The following are a list of things you can do to be more successful at selling in the morning. If you're just not a morning person, baby step yourself through the list, starting with the easiest tip and working yourself up to the ones that seem more difficult to you. Before long, you'll be selling in the morning and increasing your bottom line.

1. Begin the Night Before

If you want to jump start your morning enough to make a sale, you have to take a few minutes the night before to get yourself ready. Most of us spend our mornings being caught up and organized, but if you can manage to do these things the night before, you'll be a few steps ahead. Here's a basic list of night-before activities:

  • Assemble items you'll need for the next day
  • Check your schedule and add or subtract appointments if necessary
  • Go through your to-do list for the next day
  • Fill the car with gas if it's low
  • Confirm sales calls and meetings
  • Resolve any schedule conflicts

2. Tackle the Hard Stuff First

Every to-do list contains items you'd rather not deal with, and often these difficult items are the ones that lead you to sales. Tackle the hardest, most intimidating items first, and the rest of your day will go smoother. If you're dreading a phone call to a prospect, make that call first thing in the morning.

There are a couple of reasons your selling will improve when you tackle the hard stuff first. In our example of the dreaded phone call to the prospect, if you make that call early in the morning when your prospect is fresh, he will be more likely to spend a few minutes talking with you. On the other hand, if you call at 4:30 in the afternoon (because you still have to check it off your to-do list), your prospect will be rushed, trying to get everything done before he goes home for the day, and he won't be in the mood to talk with you. Start early, and reap the benefits.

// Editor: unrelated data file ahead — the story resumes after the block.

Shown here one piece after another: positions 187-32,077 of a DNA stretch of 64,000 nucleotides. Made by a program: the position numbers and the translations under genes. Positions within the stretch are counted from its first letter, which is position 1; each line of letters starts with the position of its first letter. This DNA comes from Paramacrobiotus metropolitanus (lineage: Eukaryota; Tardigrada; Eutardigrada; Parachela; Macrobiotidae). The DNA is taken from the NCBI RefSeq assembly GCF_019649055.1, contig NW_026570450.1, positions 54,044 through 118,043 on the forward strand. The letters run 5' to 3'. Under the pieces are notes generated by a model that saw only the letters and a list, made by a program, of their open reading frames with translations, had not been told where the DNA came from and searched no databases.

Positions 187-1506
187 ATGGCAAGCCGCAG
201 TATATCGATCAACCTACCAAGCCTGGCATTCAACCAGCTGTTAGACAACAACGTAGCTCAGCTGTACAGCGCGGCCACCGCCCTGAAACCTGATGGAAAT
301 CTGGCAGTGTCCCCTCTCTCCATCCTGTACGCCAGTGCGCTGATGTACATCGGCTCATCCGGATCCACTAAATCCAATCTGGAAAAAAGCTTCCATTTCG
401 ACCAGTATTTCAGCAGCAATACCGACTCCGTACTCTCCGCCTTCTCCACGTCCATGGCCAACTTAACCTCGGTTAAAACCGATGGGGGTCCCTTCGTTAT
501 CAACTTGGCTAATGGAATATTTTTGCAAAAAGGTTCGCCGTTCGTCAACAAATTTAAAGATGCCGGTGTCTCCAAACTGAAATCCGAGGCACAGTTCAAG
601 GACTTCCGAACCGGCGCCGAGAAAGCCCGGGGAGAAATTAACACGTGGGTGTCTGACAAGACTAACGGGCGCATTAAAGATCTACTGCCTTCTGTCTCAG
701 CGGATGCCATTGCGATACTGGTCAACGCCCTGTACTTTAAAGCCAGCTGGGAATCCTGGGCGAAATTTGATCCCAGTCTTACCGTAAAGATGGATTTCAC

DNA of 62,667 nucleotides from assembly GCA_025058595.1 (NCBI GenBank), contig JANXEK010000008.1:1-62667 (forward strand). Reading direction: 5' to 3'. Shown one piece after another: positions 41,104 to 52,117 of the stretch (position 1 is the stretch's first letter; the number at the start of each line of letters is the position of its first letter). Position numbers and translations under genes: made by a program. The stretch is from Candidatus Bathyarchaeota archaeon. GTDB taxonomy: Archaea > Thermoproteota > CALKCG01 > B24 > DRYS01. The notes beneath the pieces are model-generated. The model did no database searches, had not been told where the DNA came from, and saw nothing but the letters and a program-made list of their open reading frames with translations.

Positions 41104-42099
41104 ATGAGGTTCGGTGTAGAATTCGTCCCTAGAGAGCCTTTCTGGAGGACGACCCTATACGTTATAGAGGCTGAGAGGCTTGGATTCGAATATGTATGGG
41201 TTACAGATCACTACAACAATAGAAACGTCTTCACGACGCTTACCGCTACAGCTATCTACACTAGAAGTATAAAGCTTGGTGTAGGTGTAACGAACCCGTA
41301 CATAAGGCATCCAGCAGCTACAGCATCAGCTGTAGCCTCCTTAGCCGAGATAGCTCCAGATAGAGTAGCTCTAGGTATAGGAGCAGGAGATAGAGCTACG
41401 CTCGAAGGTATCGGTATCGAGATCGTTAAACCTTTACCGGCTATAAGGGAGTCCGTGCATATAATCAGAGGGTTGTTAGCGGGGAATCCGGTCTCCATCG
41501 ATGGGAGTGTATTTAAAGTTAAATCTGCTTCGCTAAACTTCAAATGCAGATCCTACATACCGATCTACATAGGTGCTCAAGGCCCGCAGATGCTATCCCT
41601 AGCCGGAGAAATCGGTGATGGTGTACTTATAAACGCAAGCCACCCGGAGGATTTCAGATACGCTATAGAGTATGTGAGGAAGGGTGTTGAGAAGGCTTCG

3. Eliminate Distractions

Selling is harder when you let distractions eat up your time and attention. If you want to be more successful at selling in the morning, you're going to have to put those distractions out of your mind and off your desk until later in the day.

Emails, texts, marketing tasks, and reports will have to wait until a little later in the day if you want to make a sale in the morning. Before you can get distracted with all of these things, do what needs to be done to make a sale. This requires discipline, but the results can be very impressive. Just think, if you can get out there and do some real selling in the morning, there will still be time to wade through your email, make phone calls, and write up reports later in the day. And you won't be as stressed as you would be if you hadn't done that early morning selling.

You can make it easy for those you work with by letting them know, "I check my email at lunch time, so I'll get back with you then." Then you don't have to worry about making people feel neglected. If you want to be more successful at selling in the morning, you have to protect your precious time.

Selling in the morning can change the way you feel about your job and your personal success. Do what it takes to get your selling underway at the beginning of each day, and enjoy the peace and satisfaction you feel.

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SalesForce Search specializes exclusively in sales recruiting across North America and serves small, medium and Fortune 500 companies. SalesForce Search helps companies find qualified sales people who will have an immediate impact on their sales targets.